Eagle Forum Legislative Alerts

Tuesday, March 27, 2012

Importance of the English Language

The televised presidential debates finally tackled the topic of making English our official language. Fortunately, all the candidates think this is a good idea, which it is. Diversity may be the most politically correct expression today, but the original American motto, e pluribus unum (which means: out of many, one), is still on our seal and on much of our currency. We hope that immigration will lead our country to a melting pot, with foreigners obeying U.S. laws and assimilating into American culture, so we can use the metaphor of a melting pot rather than a salad bowl to describe our growing population. The one best formula to achieve that goal is use of the English language. It is absolutely essential for the unity and cohesion we seek, and it's just as essential for immigrants to hope to achieve the American dream.

For generations, the successful method of maintaining an English-speaking population was that immigrant children would go into the public schools where only English was spoken, they would learn fast and easy, and go home and teach English to their parents. It was a splendid system because it is so much easier for children to learn another language than adults.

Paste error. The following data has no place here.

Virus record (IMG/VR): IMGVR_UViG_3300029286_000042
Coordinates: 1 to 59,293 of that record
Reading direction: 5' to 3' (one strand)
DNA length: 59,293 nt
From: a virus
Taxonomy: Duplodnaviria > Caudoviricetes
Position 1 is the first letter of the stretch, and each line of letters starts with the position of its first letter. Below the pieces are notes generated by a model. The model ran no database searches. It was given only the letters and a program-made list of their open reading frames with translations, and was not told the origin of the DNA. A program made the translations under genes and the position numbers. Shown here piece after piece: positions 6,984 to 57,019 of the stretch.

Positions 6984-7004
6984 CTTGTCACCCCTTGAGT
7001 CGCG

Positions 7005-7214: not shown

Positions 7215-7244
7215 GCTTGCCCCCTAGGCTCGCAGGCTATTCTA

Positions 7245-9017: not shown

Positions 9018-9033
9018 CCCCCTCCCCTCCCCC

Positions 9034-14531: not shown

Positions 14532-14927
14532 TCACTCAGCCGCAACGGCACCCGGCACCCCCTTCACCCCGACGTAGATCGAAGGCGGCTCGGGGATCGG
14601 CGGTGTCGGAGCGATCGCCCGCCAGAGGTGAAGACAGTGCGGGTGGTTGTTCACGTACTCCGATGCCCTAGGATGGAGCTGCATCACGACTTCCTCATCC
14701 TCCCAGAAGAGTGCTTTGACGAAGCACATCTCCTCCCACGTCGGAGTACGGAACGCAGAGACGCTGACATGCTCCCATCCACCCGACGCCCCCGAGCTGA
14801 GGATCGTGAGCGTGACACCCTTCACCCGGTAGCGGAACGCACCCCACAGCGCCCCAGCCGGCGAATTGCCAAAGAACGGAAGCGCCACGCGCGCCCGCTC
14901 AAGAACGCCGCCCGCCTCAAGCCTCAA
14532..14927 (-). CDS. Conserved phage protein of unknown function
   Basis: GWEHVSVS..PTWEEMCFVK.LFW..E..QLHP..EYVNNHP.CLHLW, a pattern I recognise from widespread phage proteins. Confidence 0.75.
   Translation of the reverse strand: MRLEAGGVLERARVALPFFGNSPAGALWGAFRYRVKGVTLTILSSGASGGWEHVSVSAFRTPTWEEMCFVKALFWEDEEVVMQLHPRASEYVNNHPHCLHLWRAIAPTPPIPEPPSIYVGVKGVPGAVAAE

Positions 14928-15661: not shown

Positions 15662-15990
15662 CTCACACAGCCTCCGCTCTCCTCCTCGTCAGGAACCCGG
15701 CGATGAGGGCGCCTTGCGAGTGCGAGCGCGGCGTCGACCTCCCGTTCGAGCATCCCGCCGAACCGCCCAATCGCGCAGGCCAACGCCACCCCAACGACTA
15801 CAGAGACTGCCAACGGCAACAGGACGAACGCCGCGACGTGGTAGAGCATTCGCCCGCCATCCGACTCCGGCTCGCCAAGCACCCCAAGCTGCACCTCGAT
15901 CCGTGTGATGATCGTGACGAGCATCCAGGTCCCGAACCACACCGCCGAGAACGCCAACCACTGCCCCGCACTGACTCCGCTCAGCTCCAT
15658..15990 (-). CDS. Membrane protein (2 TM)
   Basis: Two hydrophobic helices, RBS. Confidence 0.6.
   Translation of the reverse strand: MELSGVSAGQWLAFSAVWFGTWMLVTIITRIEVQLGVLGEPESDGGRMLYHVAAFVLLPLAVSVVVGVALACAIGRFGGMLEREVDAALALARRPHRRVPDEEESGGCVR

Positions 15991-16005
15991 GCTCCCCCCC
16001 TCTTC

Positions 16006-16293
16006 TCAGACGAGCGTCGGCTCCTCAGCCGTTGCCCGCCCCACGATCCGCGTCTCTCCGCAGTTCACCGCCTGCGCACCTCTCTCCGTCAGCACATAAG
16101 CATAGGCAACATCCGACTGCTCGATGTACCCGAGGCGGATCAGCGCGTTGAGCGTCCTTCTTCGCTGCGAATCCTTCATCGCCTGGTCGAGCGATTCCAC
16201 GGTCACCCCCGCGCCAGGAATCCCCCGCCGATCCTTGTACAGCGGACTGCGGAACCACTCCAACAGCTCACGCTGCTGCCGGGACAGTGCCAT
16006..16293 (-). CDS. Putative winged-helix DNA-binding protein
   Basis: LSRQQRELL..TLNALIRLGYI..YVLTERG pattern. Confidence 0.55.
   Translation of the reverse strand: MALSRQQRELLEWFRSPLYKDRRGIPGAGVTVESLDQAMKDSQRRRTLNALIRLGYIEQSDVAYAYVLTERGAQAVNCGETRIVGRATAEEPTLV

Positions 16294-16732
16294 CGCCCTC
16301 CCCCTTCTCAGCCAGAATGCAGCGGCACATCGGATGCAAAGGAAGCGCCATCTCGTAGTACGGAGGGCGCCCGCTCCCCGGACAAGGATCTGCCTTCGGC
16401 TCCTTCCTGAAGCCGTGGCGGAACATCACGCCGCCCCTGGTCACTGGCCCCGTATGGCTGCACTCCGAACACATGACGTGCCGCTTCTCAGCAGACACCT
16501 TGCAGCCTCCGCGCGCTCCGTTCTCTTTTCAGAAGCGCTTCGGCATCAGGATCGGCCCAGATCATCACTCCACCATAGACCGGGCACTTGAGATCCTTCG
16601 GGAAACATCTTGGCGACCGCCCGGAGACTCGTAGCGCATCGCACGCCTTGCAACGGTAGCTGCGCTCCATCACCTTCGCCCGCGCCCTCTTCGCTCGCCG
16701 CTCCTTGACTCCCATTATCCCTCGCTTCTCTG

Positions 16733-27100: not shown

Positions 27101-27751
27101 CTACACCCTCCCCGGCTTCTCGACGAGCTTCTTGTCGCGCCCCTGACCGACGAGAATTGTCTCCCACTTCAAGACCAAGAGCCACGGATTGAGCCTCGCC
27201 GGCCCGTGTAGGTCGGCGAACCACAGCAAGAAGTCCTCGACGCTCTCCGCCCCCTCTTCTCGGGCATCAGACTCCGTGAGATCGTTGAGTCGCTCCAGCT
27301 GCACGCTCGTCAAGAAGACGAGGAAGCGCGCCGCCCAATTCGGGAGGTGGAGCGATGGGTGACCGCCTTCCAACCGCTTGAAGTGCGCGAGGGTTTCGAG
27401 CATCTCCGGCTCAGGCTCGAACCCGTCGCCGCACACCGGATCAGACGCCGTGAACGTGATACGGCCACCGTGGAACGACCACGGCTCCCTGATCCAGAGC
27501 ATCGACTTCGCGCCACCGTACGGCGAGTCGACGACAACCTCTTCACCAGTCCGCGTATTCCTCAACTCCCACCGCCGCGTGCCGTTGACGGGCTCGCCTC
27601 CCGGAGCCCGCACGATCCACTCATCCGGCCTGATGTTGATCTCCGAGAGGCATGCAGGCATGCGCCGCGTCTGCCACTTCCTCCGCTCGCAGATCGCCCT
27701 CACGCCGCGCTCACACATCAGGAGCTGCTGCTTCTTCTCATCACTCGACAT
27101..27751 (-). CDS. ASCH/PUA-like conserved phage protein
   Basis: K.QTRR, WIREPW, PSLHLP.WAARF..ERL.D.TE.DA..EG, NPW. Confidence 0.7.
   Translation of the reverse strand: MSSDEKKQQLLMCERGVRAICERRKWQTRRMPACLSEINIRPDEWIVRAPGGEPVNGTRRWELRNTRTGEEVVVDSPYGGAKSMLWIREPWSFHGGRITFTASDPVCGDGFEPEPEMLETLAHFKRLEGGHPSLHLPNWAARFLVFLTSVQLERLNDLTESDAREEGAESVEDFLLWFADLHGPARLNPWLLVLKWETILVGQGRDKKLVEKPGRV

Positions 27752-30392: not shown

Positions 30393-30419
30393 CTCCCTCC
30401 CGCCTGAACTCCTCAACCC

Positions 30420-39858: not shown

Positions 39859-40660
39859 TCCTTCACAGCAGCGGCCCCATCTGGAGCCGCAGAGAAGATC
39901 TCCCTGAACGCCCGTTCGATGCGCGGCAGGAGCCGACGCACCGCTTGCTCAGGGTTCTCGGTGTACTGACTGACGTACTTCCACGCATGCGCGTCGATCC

But that system isn't working any more. One out of every five children enrolled in U.S. public schools speaks a language other than English, and Big Brother Government (who always thinks he knows best) made the decision to hire new teachers to teach kids in their native languages. The problem is getting worse, not better. Predictions are that by 2030 we will be teaching 40% of elementary and secondary students English as a second language. And the most shocking part is that many of them were born in the United States, which means they live in homes and neighborhoods where little or no English is spoken. English must be recognized in the schools and in law as our national language.

Listen to the radio commentary here:

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